Microsoft to clamp down on ‘misleading' apps
Over 1500 Windows Phone apps have already been removed as part of a concerted effort from Microsoft to police the quality and legitimacy of titles uploaded to the Windows Store.gadgets Updated: Aug 29, 2014 10:30 IST
Over 1500 Windows Phone apps have already been removed as part of a concerted effort from Microsoft to police the quality and legitimacy of titles uploaded to the Windows Store.
In recent weeks a number of publications have run stories expressing concern that there was a growing number of bogus, spammy or outright malicious apps appearing in the Microsoft Windows Phone 8 app store as it built up its inventory to get up to speed quickly with the million+ titles on offer for Android and Apple device owners. But thankfully a purge is on the way.
In a blog post published Wednesday, the company's Todd Brix said: "Earlier this year we heard loud and clear that people were finding it more difficult to find the apps they were searching for; often having to sort through lists of apps with confusing or misleading titles. We took the feedback seriously."
The company has begun by removing 1500 apps altogether but, in order to give developers the benefit of the doubt it is also initiating changes to its policies that will outlaw apps from having misleading titles and copycat icons.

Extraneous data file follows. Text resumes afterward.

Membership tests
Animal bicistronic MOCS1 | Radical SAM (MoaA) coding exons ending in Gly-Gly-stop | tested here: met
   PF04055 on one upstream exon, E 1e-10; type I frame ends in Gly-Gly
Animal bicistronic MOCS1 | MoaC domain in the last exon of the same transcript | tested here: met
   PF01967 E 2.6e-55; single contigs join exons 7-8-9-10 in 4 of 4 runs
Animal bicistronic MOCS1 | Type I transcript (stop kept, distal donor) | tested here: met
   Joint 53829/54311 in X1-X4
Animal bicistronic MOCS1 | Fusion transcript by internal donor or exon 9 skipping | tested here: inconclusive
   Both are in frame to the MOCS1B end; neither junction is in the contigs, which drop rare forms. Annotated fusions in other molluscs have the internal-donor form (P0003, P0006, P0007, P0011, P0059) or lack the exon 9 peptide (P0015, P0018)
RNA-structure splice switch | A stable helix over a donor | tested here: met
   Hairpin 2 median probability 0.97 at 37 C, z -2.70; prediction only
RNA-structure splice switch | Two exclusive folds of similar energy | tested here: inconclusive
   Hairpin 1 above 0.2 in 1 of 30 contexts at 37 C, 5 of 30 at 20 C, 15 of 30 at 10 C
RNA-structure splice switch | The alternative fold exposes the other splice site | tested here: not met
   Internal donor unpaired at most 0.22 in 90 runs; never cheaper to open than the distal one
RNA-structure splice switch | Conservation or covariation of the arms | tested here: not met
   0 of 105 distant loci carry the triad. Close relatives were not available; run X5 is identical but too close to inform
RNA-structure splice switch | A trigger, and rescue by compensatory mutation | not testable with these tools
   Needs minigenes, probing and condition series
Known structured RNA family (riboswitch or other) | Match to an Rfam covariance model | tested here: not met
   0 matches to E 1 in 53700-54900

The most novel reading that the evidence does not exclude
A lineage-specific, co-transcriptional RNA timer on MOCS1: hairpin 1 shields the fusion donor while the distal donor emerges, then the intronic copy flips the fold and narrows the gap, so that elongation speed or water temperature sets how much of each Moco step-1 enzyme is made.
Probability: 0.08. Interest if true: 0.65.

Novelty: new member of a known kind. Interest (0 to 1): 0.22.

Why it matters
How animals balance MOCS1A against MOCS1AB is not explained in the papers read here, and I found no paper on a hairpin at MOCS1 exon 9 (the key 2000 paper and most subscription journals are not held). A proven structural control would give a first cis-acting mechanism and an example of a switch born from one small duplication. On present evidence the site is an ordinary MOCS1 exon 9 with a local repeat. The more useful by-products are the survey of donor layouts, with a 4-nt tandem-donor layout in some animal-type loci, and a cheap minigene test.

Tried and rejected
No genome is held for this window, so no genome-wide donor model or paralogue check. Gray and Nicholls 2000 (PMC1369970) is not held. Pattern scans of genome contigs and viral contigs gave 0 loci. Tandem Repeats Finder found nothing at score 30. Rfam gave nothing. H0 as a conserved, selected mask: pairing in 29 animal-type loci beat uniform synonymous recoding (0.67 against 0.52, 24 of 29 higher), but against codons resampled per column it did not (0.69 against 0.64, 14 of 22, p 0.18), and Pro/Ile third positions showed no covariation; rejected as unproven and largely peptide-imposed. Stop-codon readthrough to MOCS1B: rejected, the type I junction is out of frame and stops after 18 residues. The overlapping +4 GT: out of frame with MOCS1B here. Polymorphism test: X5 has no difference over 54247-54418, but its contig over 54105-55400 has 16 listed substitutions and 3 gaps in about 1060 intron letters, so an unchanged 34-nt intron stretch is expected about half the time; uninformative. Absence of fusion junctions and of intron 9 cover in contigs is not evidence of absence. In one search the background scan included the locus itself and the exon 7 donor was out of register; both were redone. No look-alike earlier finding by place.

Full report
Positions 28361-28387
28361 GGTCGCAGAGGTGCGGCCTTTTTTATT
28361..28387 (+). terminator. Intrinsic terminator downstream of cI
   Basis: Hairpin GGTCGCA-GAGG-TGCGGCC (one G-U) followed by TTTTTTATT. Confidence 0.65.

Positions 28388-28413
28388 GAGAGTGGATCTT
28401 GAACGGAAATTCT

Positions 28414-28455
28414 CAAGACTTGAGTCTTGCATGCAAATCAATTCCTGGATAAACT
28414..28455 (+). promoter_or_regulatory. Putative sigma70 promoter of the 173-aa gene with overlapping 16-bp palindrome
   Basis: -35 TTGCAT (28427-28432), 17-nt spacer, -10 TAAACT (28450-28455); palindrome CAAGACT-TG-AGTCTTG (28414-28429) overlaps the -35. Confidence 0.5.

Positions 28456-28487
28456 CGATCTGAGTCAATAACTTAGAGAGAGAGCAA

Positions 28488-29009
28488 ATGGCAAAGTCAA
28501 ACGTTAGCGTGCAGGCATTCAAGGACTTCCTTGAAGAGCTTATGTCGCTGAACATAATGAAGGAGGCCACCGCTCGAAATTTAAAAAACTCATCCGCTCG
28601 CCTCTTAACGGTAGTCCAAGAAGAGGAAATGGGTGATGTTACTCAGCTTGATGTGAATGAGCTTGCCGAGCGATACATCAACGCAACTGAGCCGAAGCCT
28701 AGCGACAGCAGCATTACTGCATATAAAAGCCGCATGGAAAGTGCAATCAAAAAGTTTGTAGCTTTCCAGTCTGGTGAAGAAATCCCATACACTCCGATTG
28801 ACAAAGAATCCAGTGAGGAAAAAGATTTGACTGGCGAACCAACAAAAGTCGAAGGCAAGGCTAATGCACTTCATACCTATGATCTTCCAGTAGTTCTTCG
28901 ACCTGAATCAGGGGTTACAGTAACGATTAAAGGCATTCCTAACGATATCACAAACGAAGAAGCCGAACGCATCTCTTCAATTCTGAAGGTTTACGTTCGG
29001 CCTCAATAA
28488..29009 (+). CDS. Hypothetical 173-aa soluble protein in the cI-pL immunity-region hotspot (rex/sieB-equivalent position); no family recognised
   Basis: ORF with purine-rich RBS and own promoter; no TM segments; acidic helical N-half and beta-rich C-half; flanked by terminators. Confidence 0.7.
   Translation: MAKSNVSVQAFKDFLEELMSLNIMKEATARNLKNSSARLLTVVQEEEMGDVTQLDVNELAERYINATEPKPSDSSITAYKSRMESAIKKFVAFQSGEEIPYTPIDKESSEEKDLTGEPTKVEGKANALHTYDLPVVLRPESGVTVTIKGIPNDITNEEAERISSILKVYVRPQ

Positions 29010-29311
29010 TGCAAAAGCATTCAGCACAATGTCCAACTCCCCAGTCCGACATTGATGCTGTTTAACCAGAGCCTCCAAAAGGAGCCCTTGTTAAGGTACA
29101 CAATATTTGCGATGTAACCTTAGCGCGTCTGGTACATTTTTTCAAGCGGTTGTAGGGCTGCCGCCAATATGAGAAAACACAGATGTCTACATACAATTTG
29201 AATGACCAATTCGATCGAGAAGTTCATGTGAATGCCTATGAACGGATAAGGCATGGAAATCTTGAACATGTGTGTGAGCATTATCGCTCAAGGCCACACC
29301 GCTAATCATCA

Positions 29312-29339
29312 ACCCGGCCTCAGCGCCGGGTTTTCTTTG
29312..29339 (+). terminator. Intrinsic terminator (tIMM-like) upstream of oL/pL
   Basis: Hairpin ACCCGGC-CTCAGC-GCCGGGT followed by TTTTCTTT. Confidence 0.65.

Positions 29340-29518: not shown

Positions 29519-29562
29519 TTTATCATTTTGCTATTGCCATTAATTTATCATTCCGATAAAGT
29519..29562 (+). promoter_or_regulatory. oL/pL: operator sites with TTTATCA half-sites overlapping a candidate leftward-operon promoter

Although Microsoft has done well to attract a number of must-have titles to its Windows Store, including Facebook, Twitter, Flipboard, Instagram and Pinterest, there are still no official apps relating to Google properties. However, if one were to search the Windows Store for YouTube, Google Maps or Gmail, pages of apps would appear.
Some were ‘workarounds' that developers have created so that Windows Phone users can access content, but many more were simply bogus.
Microsoft hasn't put a definitive timeframe on how long the cleanup is going to take but does stress that identifying suspect apps will be easier with users' help. "The Store review is ongoing and we recognize that we have more work to do, but we're on it. We're applying additional resources to speed up the review process and identify more problem apps faster. No approach is perfect, so we encourage people to report any issues they may encounter with Windows Store," said Brix.